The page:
This report describes the diagnosis of infundibular pulmonic stenosis in a Moluccan cockatoo and illustrates ancillary imaging modalities that can be used in avian cardiology.
Pulmonic stenosis refers to a narrowing of the RVOT or downstream structures and can be classified as submandibular, infundibular, valvular, or supravalvular.
In people and dogs, infundibular pulmonic stenosis is frequently congenital and associated with other congenital abnormalities, such as ventricular septal defect or tetralogy of Fallot.
30) It is unlikely that the infundibular pulmonic stenosis would result in the clinical signs expressed by the bird, but atherosclerotic lesions of the aorta or vessels of the hind limbs as well as thromboembolic disease could lead to insufficient perfusion of the extremities.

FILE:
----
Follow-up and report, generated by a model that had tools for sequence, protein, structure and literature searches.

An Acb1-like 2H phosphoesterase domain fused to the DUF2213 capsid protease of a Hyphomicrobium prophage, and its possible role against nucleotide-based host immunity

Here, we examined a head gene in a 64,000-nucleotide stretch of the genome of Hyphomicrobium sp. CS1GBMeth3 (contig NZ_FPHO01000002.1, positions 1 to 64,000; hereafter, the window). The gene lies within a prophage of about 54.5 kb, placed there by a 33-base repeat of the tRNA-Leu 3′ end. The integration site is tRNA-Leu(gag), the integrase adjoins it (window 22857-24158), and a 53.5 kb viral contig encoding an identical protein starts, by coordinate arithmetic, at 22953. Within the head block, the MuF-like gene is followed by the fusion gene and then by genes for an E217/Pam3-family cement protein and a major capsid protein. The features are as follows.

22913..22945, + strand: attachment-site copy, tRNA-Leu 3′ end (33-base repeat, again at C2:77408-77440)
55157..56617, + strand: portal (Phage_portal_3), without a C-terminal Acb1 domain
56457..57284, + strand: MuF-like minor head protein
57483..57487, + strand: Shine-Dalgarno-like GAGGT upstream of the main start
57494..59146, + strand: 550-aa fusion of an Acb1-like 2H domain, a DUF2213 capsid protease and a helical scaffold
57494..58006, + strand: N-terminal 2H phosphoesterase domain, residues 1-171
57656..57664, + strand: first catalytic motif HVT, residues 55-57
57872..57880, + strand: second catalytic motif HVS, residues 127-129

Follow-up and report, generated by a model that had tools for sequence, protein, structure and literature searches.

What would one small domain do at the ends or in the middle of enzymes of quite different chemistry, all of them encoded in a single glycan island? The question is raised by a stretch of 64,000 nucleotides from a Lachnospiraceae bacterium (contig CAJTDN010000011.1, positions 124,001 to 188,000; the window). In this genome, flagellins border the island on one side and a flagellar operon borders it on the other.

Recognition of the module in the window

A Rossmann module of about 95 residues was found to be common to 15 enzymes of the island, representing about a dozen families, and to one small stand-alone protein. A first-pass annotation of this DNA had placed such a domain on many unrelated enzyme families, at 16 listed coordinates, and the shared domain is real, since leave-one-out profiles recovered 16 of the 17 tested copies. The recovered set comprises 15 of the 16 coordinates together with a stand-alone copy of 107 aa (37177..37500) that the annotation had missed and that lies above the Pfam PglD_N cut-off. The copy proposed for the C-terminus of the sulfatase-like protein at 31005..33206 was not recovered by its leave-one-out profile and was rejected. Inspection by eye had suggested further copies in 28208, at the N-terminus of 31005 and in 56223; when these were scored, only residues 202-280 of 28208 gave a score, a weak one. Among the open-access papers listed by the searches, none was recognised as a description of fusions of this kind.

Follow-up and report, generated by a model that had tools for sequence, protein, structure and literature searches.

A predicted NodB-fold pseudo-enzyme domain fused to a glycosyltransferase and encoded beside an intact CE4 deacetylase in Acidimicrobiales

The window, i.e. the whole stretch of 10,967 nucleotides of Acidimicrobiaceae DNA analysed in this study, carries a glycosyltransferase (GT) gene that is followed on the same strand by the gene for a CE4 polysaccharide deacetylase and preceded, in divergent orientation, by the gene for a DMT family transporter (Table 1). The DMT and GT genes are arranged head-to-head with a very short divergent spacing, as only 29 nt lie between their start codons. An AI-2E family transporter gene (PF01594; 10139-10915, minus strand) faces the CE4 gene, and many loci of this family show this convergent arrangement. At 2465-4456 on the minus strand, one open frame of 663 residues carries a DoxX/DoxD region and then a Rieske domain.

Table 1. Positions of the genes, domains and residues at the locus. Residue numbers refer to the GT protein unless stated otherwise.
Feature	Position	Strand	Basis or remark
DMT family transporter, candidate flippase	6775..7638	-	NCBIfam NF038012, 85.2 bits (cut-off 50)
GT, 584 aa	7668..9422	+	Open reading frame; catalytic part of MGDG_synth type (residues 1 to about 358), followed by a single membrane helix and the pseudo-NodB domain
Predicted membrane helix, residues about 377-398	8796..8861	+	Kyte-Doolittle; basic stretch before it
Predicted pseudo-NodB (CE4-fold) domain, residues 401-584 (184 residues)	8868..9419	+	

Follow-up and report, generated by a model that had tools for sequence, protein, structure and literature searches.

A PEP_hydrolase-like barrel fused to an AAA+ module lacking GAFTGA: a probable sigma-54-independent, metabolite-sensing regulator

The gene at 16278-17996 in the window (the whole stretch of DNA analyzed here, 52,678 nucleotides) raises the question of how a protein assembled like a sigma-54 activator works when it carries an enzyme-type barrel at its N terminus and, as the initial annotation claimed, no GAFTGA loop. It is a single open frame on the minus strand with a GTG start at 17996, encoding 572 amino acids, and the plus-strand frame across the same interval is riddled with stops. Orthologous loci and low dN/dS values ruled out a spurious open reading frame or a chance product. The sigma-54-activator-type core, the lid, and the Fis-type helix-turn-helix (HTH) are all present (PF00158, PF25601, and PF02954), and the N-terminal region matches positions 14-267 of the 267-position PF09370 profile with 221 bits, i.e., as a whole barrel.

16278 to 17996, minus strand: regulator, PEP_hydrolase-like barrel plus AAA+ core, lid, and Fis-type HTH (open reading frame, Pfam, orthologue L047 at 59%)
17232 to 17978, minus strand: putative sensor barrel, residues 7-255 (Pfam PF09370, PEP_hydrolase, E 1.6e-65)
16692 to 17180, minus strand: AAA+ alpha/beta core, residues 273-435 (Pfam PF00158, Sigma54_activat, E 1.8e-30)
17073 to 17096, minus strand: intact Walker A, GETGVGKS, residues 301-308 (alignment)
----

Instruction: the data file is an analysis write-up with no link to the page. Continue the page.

In one study of infundibular pulmonic stenosis in cats, radiographs were found to have poor sensitivity in diagnosis.
Treatment of infundibular pulmonic stenosis in mammals is usually recommended when the abnormality is associated with hemodynamic compromise evidenced by severe tricuspid regurgitation, marked atrial enlargement, or high pressure gradients across the stenosis or when clinical signs are present.
Pulmonic stenosis in the dog: 29 cases (1975-1984).
Infundibular pulmonic stenosis with intact ventricular septum: a report of 15 surgically corrected patients.